5 Different Types of Alcoholics

Types Of Alcoholics
Photo by Louis Hansel

Different types of alcoholics are unique, from their motivations for drinking to how they use alcohol to cope with life.

Because of this, how you handle an alcoholic must vary depending on the situation.

There are different types of alcoholics, and being aware of them can make it easier for you to handle specific situations.

Alcoholics have not always been separated into categories. Instead, alcoholism was viewed as a single illness, and anyone with alcohol problems was subjected to the same stereotype of the alcoholic.

There are, in fact, five different types of alcoholics, per a study by Dr. Howard Moss, MD, a researcher at the National Institute on Alcohol Abuse and Alcoholism.

Under the general alcoholic label, these various types are organized as subtypes. These are the different types of alcoholics that we have.

1. The Young Adult

The young adult subtype is the first of the five different types of alcoholics. It is the largest; 32% of all American alcoholics belong to this group.

The age of the alcoholics in this group is typically 24. Despite being young, the average alcoholic in this group has been one for the past four years at the age of 24, having first developed the disease average when they were 20.

At a rate of 22%, many members of this group also have relatives who are alcoholics. For this group, alcoholism doesn’t involve binge drinking every day.

Instead, those in this group often binge drink, consuming more alcohol in one sitting than other alcoholics do throughout the day. Alcoholics in this group hardly ever seek treatment for their drinking.

2. The Young Antisocial

With 21% of all the alcoholics in the study falling into this second category, there are many different types of alcoholics.

These drinkers started drinking much earlier than young adults, starting at age 15, and became addicted to alcohol by age 18, despite having an average age of 26.

This group is made up of 50% alcoholic family members. The majority also suffer from an antisocial disorder, making it challenging to ask for or accept alcoholism treatment.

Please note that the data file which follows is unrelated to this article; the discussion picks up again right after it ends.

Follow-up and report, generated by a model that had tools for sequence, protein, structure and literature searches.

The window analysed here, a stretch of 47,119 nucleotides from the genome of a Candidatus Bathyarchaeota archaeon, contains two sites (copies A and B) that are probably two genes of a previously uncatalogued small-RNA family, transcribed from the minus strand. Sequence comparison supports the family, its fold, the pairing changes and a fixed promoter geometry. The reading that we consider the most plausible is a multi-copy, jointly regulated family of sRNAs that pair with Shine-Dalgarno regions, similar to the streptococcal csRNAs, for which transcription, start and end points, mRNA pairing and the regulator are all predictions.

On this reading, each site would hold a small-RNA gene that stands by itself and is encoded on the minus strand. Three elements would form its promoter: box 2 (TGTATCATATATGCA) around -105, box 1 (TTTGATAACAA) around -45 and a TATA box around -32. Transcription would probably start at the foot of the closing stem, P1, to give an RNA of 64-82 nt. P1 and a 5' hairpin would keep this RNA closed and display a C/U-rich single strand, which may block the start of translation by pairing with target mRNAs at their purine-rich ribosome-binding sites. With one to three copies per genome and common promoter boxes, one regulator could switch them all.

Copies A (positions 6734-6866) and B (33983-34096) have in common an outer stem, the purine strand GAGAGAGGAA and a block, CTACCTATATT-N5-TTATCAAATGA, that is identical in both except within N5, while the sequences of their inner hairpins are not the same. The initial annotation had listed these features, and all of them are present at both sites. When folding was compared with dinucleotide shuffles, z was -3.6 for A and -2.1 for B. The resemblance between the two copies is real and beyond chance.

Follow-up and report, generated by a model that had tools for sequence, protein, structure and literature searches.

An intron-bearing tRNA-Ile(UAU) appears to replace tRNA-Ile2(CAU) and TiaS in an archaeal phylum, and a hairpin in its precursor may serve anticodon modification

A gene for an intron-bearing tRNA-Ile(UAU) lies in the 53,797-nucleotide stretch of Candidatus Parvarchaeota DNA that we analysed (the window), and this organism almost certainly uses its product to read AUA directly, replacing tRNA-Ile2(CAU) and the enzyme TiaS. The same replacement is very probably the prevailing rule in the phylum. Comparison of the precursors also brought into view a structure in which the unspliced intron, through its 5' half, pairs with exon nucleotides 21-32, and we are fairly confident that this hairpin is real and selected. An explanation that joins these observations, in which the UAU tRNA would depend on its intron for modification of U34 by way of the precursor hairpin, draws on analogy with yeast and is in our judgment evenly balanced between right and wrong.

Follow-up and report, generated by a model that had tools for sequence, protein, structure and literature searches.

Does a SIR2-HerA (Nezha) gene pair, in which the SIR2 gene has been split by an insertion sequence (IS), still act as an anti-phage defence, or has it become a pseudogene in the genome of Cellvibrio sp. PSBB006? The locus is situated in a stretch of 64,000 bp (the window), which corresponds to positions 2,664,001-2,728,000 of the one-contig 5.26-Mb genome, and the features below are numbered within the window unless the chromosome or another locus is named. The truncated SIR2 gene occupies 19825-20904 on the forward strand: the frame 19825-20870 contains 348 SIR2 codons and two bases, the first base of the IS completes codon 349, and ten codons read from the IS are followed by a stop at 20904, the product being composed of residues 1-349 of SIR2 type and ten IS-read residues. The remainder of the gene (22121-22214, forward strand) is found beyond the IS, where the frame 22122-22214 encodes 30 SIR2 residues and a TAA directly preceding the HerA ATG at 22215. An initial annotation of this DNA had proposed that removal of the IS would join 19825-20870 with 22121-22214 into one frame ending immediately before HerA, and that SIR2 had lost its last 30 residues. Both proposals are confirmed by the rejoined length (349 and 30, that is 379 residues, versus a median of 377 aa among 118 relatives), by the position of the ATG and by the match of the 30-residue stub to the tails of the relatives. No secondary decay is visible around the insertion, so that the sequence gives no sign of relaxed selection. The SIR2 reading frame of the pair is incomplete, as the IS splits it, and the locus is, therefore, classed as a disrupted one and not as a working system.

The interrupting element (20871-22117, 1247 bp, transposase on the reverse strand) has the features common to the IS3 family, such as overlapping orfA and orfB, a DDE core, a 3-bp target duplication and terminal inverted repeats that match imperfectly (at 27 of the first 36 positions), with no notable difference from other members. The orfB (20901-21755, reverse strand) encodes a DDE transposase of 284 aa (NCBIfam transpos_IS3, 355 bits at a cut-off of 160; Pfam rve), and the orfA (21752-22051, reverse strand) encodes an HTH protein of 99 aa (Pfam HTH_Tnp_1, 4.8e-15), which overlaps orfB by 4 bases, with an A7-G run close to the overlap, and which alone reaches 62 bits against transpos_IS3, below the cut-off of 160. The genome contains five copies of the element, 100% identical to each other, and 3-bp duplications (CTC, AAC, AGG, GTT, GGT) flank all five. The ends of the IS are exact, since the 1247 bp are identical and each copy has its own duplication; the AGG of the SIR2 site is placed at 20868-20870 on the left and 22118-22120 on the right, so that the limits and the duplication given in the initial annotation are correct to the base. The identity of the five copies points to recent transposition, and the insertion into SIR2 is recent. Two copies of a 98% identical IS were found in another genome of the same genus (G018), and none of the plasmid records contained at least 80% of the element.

This group’s members are also more likely to use drugs, particularly marijuana, cocaine, and opioids. Thirty-three percent of this group will eventually seek treatment for their alcoholism. This is one of the different types of alcoholics.

3. Functional Alcoholics

The third group of various types of alcoholics is functional alcoholics. A functioning alcoholic is someone who consumes at least five drinks in a single day daily.

Most members are middle-aged, and the average age is much higher than the other groups. They are functional because they can manage their relationships and jobs despite heavy drinking.

About 19% of all alcoholics belong to this group. Despite being able to function in society while drinking, functional alcoholics still experience the same health problems as other alcoholics because of their heavy drinking. About 19% of functional alcoholics eventually seek assistance.

4. The Intermediate Familial

The fourth category of alcoholics is the intermediate familial, which makes up 19 percent of the study’s alcoholics. Most alcoholics start drinking by 17, just like the young antisocial.

They are not affected by alcoholism until they are in their early 30s. Also, the majority of this subgroup’s members are related to other alcoholics in some way.

Half of the group members have also struggled with severe depression, and one-fourth have been identified as bipolar.

Furthermore, this group engages in drug abuse, with many members abusing marijuana or cocaine. About 25% of the people in this group will eventually look for alcohol abuse treatment.

5. Chronic Severe Subtype

The final alcoholic classification is a chronic severe alcoholic. These alcoholics make up about 9% of the population, making them uncommon.

Most men in this group divorce more frequently than the average number of people. The vast majority of the group comes from alcoholic families.

The prevalence of personality disorders is almost 50%, and other mental illnesses are more common than in any other group. 

Furthermore, those who drink but have serious drug abuse problems are also included in this group. Despite these problems, this group of drinkers has the highest likelihood of receiving assistance; over 66 percent do so.

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